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On Enthusiasm.

« The prevailing opinions and practices of methodism are principally to be attributed to the weakness of the human understanding, and the vanity of the human heart Vanity is the life and soul of enthusiasm. This weakness of the human understanding and vanity of the human heart, constitutes the primary and powerful causes of that change in religious language and feelings, which has by degrees been productive of that lamentable defection from our established or orthodox Church, which so peculiarly distinguishes the character of these latter days. The plain and beaten road, as it has been laid down for us in the divine word, and precisely marked out in the primitive Church, and happily established by our own Church, must be continued if we would preserve the essentials of Christianity unadulterated—and without deviation from their original and apostolical standard. The Enthusiast confidently resolves his private feelings and sensible experiences into certain marks of God's dealings with his soul, and of his direct and mira. culous operations upon his heart--and by this arbitrary, irrational, and unscriptural standard, measures his acceptance with God, his Christian perfection, and his indefesible title to the kingdom of glory.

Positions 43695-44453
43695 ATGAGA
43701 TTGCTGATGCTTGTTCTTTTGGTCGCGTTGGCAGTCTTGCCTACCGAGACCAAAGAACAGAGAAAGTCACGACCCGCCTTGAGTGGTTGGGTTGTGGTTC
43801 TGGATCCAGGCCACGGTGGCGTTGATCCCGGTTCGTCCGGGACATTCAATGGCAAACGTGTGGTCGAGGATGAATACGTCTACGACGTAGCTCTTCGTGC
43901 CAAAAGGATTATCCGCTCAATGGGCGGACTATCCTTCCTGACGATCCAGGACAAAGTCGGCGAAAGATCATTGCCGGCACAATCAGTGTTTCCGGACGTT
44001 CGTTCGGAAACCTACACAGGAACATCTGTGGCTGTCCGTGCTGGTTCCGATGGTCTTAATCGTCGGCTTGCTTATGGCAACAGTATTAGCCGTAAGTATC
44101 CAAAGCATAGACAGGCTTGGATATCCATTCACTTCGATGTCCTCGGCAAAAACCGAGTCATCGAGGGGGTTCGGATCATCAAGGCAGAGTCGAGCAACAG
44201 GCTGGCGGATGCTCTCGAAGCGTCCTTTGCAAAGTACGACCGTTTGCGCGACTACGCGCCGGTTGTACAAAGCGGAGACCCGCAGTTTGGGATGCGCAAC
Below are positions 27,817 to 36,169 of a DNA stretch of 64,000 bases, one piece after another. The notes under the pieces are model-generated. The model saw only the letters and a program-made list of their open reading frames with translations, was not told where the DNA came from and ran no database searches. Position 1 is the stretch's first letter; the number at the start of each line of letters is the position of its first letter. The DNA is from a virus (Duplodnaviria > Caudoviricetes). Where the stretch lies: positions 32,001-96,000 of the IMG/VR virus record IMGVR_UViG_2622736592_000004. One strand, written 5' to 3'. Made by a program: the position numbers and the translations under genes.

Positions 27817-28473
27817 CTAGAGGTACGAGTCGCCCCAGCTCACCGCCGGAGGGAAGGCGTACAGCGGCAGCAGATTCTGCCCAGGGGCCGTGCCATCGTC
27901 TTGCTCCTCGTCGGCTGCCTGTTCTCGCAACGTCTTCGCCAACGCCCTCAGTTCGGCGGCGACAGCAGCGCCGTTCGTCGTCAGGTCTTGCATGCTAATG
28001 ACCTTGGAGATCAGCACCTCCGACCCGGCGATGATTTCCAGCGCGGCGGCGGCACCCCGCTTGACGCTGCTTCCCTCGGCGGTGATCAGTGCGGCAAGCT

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««« I think as far as any man is proud, he is kin to the devil—and utterly a stranger to God and himself. It is wonderful that it should be a possi. ble sin to men, who still carry about them in soul and body, such humbling matter of remedy, as we


all do..


The Spirit bearing witness, 8c.

“ The spirit is the great witness of Christ and of Christianity to the world. And through the folly of fanatics, tempted ere long to overlook the strength of this testimony of the spirit, when they placed it in a certain affection or enthusiastic inspiration—yet now I see, that the Holy Ghost in another manner is the witness of Christ and his agent in the world_literally fulfilling what our. Saviour himself said of the Holy Ghost-He shall take of mine, and shall show it unto you. The spirit in the prophets was his first witness; and the spirit by miracles was the second and the spirit by revelation, illumination, and consolation, assimilat-ing the soul to Christ and heaven, is the continued witness to all true believers--and if any have not the spirit of Christ (in this revealed sense) he is none of His Baxter.”

“ See John x. 39. On the divine decrees. Upon which Bishop Tomline thus : comments The things did not happen, because they were foretoldbut they were for the wisest purposes foretold, because it was foreseen that they would happen.'


On Materialism.

« And God breathed into his nostrils the breath of life, and man became a living soul. Gen. ii. 7."

The spirit shall return unto God, who gave it. Eccl. xii. 7."

“We know from experience that no inert, inactive body can move itself, but must remain to the end of time in the situation in which it is placed, till it is acted upon by some other moving body. According to the system of Sir Isaac Newton, a power of attraction supposed to reside